Late payments are a perennial issue for SMEs. This roadblock has reared its head again recently with the publication of a recent report stating, against the backdrop of Covid fallout, almost two thirds of small businesses (65%) believe that late payments are putting their businesses at risk. This is also the thinking behind new initiatives such as Good Business Pays, encouraging larger companies to fast track payments to smaller businesses, helping to level the playing field and reduce the pressures on smaller enterprises’ finances.
As a result of these pressures, the research also found that businesses have been looking to open or extend lines of credit, potentially opening their finances up to the burden of further debt issues. Late payments are nothing new to the country’s business, but they are sadly pretty commonplace. When a business is facing the sharp end of those pressures, the solutions can seem limited. Getting a short-term loan can be an instinctive and obvious choice – and has rarely been quite so easy for business owners to apply for. Deceptively simple to apply for online, this option can bring further baggage of high interest rates and is often a stop-gap solution before the business has to take on the repayments, which can fuel a dangerous debt cycle. Happily however, it’s not the only option available to businesses which need to look at unblocking their cash flow.
Invoice factoring, for example, has come a long way from its longstanding image of a ‘last chance saloon’ approach. The days of bank control of this process, bringing with them unfavourable rates and draconian clauses, are quickly vanishing in the rear view. Instead, the factoring industry is being transformed by new brands entering the space and offering alternatives to the ‘old-school’ financing options, especially the typical trilogy of overdrafts, credit cards and loans.
After the ‘08 crisis, the banking industry was often forced to turn its back on SME financing through the surge of new regulation and compulsory risk assessments. Following the crash, an OECD study found that banks had “tightened their lending policies” across the board, with SMEs having “strongly reduced their investment projects financed by credit”.
This period also saw a rapid growth in other options, including fintech solutions which apply the latest technology to some long standing frustrations with traditional banking methods, and this is no different when it comes to invoice financing. At the same time, the government has been actively looking to reduce the dominance of the Big Four banks for both personal and business finance. The market opening up to new approaches, like our own, means that rates are becoming much more favourable to the SME, not to mention providing a faster injection of cash back onto the balance sheet. We’re even now seeing such options becoming embedded through APIs directly into business’ finance software with solutions like Xero Marketplace, making it even more straightforward for companies to unlock their revenues once more without even stepping foot in a bank.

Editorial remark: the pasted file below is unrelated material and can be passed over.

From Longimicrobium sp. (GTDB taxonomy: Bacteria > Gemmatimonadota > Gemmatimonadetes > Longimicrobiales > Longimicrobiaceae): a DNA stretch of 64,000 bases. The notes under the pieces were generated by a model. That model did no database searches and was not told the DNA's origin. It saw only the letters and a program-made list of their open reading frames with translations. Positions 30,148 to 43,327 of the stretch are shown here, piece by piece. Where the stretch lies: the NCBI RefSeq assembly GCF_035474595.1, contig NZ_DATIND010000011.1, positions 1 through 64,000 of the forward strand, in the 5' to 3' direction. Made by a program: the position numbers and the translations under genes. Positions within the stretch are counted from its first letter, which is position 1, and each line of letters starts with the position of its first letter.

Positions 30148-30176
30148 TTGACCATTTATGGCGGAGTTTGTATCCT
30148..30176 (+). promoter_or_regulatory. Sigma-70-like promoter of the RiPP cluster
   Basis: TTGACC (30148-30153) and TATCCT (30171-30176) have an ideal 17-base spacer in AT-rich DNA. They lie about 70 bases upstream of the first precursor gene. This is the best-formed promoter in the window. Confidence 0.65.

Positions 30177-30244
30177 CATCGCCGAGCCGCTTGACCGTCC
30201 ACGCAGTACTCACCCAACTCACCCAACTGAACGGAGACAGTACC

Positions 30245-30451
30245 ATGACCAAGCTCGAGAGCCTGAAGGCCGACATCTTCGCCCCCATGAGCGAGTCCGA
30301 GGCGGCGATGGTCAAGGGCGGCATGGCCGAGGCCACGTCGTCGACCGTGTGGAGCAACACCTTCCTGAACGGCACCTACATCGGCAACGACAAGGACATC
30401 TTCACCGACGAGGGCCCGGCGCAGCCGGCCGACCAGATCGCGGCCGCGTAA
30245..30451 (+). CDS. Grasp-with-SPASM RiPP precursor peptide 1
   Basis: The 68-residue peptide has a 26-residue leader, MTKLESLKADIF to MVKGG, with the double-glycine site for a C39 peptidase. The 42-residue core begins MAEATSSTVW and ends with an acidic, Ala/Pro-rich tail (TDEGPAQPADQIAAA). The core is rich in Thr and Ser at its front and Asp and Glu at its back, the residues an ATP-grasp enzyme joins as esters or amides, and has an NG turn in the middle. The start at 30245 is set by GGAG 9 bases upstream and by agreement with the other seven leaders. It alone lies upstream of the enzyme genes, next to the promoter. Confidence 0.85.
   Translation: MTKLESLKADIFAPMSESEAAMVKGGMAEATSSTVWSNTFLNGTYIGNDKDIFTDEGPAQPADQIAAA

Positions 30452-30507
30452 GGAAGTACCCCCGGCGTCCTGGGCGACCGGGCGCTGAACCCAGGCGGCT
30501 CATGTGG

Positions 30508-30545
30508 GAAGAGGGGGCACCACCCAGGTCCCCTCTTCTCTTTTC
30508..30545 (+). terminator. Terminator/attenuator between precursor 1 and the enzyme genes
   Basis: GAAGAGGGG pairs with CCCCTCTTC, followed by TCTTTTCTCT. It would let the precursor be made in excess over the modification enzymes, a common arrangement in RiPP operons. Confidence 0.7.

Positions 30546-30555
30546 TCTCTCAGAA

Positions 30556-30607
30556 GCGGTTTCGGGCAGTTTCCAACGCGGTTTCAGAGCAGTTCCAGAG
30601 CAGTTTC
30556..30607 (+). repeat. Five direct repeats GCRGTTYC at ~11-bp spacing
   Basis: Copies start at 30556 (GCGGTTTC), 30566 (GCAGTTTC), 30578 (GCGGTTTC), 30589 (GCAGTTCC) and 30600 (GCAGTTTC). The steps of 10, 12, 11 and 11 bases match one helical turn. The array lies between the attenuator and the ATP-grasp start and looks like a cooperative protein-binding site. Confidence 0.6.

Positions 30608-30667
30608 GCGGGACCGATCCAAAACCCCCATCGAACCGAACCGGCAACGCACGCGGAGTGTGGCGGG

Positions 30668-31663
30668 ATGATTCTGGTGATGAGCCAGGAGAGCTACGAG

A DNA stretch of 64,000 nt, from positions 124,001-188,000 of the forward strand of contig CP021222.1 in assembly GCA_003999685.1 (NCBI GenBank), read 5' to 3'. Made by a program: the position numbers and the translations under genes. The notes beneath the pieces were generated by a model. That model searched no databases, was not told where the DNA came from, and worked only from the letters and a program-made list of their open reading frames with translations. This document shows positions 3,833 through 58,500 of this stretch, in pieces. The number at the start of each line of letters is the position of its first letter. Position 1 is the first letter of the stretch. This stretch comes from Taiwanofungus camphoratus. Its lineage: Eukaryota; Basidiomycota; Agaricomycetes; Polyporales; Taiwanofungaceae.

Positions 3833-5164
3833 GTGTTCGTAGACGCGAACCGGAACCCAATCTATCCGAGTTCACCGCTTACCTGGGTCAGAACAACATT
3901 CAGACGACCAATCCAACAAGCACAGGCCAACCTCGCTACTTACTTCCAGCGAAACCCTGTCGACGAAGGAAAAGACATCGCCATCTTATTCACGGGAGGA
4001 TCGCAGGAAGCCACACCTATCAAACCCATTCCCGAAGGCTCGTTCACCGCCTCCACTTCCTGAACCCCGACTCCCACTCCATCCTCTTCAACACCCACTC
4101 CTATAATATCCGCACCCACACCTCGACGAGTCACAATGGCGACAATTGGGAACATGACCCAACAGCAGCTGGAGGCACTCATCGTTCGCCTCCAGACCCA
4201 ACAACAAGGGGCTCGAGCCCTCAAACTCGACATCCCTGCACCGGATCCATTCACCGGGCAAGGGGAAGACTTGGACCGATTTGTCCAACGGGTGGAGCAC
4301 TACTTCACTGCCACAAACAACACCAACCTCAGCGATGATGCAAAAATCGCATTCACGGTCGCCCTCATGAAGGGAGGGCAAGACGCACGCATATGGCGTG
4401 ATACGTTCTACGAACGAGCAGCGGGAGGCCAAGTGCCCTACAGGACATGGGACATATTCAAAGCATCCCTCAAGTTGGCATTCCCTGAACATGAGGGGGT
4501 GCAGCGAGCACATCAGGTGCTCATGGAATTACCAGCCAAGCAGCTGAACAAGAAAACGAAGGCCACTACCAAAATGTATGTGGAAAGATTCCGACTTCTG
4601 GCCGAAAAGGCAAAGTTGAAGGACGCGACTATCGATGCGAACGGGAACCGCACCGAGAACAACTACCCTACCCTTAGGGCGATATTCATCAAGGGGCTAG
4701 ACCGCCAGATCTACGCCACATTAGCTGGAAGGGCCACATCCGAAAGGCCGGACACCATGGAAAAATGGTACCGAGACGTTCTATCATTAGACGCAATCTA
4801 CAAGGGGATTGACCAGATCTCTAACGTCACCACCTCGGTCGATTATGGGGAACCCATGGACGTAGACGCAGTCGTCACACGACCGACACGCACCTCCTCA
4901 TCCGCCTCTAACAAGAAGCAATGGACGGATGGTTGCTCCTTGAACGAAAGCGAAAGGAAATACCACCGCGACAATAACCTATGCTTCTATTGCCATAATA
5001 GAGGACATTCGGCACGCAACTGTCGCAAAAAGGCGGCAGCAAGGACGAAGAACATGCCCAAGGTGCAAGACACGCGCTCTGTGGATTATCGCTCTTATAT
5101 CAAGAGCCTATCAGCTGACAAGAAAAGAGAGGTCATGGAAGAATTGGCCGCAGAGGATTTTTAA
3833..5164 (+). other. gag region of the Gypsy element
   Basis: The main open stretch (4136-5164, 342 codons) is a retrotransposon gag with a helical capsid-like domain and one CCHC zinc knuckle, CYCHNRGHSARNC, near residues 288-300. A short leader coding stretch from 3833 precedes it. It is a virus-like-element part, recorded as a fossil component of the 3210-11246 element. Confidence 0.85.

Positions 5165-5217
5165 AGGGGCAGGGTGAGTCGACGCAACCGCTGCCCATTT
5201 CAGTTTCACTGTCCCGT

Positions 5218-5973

A key advantage of factoring is the removal of extra debt and expensive loans as an SME’s only option. But there are other advantages, and one aligns with the growing trend for more ethical financing, something we feel especially passionate about. Many SMEs have felt for years that standard banking frameworks and decision making have not supported their endeavours, and the rapidly growing numbers of smaller enterprises utilising open banking optionsshows that innovation can help to bridge this gap. Emerging options in alternative finance give smaller businesses many more avenues when looking at their business finances, instead of simply relying on systems which have been set up to benefit others involved in the process. Small companies need support to thrive, which is why our solution focuses on delivering the best return, rather than taking a large cut out of the value of the invoice back to SME.
Cashflow is oxygen to an SME, and delays can suffocate it, especially when readily available alternatives involve additional debt or paying exorbitant fees. The resurgence of invoice financing as a viable option when it comes to SME finance is no longer the gates to the last chance saloon, but instead a potential open door to sustaining a healthy and stable development beyond late payments and lengthy terms. Factoring does not exclude relationships with the banks by any means, which will always provide a multitude of functions that any company, no matter the size, relies on. However, ahead of another unpredictable Christmas season, the modern SME is recognising it is smart to shop around – and that new opportunities are emerging to assist them on their recovery and growth journeys
Article by Perttu Jalkanen, Co-Founder and CCO at AREX Markets.